Palestinian teenager’s chutzpah shames Israeli military

Resistance: Palestinians gather in support of Ahed Tamimi, 16, who slapped an Israeli soldier and was arrested (Majdi Fathi/NurPhoto)

Resistance: Palestinians gather in support of Ahed Tamimi, 16, who slapped an Israeli soldier and was arrested (Majdi Fathi/NurPhoto)

PALESTINE

In a few short months, Ahed Tamimi has become a symbol of resistance against the Israeli occupation.

In recent days, even the Israeli newspaper Haaretz has reported on the chutzpah of the 16-year-old Palestinian girl.

But Tamimi is about far more than that.
By defying the Israel Defence Force, she has shown extreme courage in the face of a military and military court system designed to intimidate and oppress.

A few days ago, Tamimi accepted a plea bargain, which means she will be sentenced to eight months in prison. She has already spent three months in pretrial detention, so she is expected to serve another five months.

The Tamimi case has focused attention on the position of minors in the Israeli military detention system.

Tamimi, from the village of Nabi Salih in the occupied West Bank, slapped and kicked an Israeli soldier during a confrontation outside her family home in December after she heard that her 14-year-old cousin had been shot in the face with a rubber bullet. He was severely wounded and had to undergo emergency surgery.

Tamimi was arrested on December  19 last year and taken to the Ofer prison. She was charged on 12 counts, including assaulting a soldier, incitement, throwing stones and disruption of the public order. She pleaded guilty to attacking 
the soldier and to two other counts of disrupting the work of a soldier and incitement. Other charges, including stone-throwing, were dropped.

The plea bargaining deal is not final yet and will have to be approved by the military court in the West Bank, but such approval is usually a mere formality.

Tamimi’s defence lawyer, Gaby Lasky, said one reason her client accepted the deal was that it was evident there was no chance of a fair trial.

But for the exceptional amount of media attention, there is nothing special or unusual about Tamimi’s case. There are currently 365 Palestinian minors in custody; 95 of them are serving a prison sentence and 257 are in pretrial detention or post-indictment detention.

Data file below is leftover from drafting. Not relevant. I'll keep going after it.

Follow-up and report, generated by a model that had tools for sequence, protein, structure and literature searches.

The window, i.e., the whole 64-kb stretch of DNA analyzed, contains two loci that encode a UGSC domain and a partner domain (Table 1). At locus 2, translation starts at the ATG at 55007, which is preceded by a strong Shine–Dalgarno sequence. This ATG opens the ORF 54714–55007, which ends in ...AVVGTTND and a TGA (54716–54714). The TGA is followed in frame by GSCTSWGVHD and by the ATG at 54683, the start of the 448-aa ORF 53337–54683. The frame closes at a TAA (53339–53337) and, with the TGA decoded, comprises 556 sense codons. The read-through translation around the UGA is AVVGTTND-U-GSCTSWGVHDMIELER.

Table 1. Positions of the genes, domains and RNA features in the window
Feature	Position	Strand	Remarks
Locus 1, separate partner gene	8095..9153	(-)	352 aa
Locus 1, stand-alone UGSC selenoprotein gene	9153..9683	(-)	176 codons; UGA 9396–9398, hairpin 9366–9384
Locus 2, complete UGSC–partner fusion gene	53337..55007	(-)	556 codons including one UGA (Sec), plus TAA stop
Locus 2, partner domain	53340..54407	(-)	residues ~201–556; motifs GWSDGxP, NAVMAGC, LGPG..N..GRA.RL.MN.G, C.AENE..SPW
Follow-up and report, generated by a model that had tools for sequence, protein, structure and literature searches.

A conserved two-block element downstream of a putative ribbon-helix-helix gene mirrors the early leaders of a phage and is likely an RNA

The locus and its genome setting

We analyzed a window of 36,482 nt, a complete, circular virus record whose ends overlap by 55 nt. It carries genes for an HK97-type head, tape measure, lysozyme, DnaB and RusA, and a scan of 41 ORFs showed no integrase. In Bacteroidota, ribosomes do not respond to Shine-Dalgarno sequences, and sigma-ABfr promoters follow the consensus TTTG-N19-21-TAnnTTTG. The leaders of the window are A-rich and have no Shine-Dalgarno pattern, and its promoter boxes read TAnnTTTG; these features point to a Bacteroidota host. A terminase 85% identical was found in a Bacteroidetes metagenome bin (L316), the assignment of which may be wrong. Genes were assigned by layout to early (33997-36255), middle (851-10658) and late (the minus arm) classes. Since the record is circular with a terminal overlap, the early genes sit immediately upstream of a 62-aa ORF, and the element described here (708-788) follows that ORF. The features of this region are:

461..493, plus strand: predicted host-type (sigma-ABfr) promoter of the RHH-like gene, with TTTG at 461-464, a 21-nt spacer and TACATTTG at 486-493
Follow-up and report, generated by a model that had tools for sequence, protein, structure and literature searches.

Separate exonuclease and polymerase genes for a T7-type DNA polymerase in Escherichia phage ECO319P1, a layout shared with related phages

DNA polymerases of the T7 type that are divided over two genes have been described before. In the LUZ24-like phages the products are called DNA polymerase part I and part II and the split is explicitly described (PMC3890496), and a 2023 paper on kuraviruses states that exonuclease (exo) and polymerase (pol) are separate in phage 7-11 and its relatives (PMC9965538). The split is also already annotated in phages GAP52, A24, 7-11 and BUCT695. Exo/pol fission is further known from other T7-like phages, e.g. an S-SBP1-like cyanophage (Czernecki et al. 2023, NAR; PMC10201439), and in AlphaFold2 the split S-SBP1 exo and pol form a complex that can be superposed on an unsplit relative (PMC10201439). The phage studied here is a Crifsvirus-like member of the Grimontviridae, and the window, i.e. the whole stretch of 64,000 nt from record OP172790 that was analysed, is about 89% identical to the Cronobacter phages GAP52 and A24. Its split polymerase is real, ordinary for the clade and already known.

I do not have a single male Palestinian friend who has not, at some stage in his youth, been arrested or threatened with arrest. Overall, hundreds of thousands of Palestinians have been tried in military courts.

When Palestinian children get arrested by Israeli soldiers, their cases are not heard by the ordinary Israeli courts but by special juvenile military courts. Israel is one of very few countries in the world that places children in administrative detention.

Children and adults used to be tried by the same military court but, after an outcry by civil society, juvenile courts were introduced in 2008. In military courts, the age of majority is 16.

According to the progressive nongovernmental organisation B’Tselem, the rights of the minors are abused from the moment of their arrest.

The conviction rate in Israeli military courts is nearly 100%.

Plea bargaining is very common in these cases. Almost all Palestinian minors sign plea bargains, which are essentially an admission of guilt. They have little choice because the prosecution typically drops some of the more serious charges, leading to a shorter prison term.

In February, the Ofer military judge ordered that Tamimi’s case be heard in camera. In-camera trials increase the possibility that they could be conducted in a manner that is prejudicial to the accused.

Military courts the world over are not considered to follow due process and ensure a fair trial. They are often staffed by officers with no legal training.

The United Nations has repeatedly criticised military courts for violating international law.

By trying children in military courts, Israel is clearly violating the widely ratified UN Convention on the Rights of the Child and many other international conventions. In a world where international law is routinely violated, respect for the rights and best interests of the child is almost universally considered to be among the highest norms. But international law has long been a casualty of the occupation.

In the media frenzy surrounding the case, much has been made of Tamimi’s good looks — her fair skin and wayward blonde hair. Of course, her looks are irrelevant to the case or to her activism.

But the fact that she is very young and a woman arguably highlights the vulnerability of Palestinians. Compared with the way arrested Palestinian youths are often manhandled, the Israeli soldiers treated Tamimi less harshly. 

As a result, a Facebook commentator, Saber Mohammed, called the Tamimi case a mockery, saying it showed “the beautiful face of the occupier”. The case is also a slap in the face of justice.

Mia Swart

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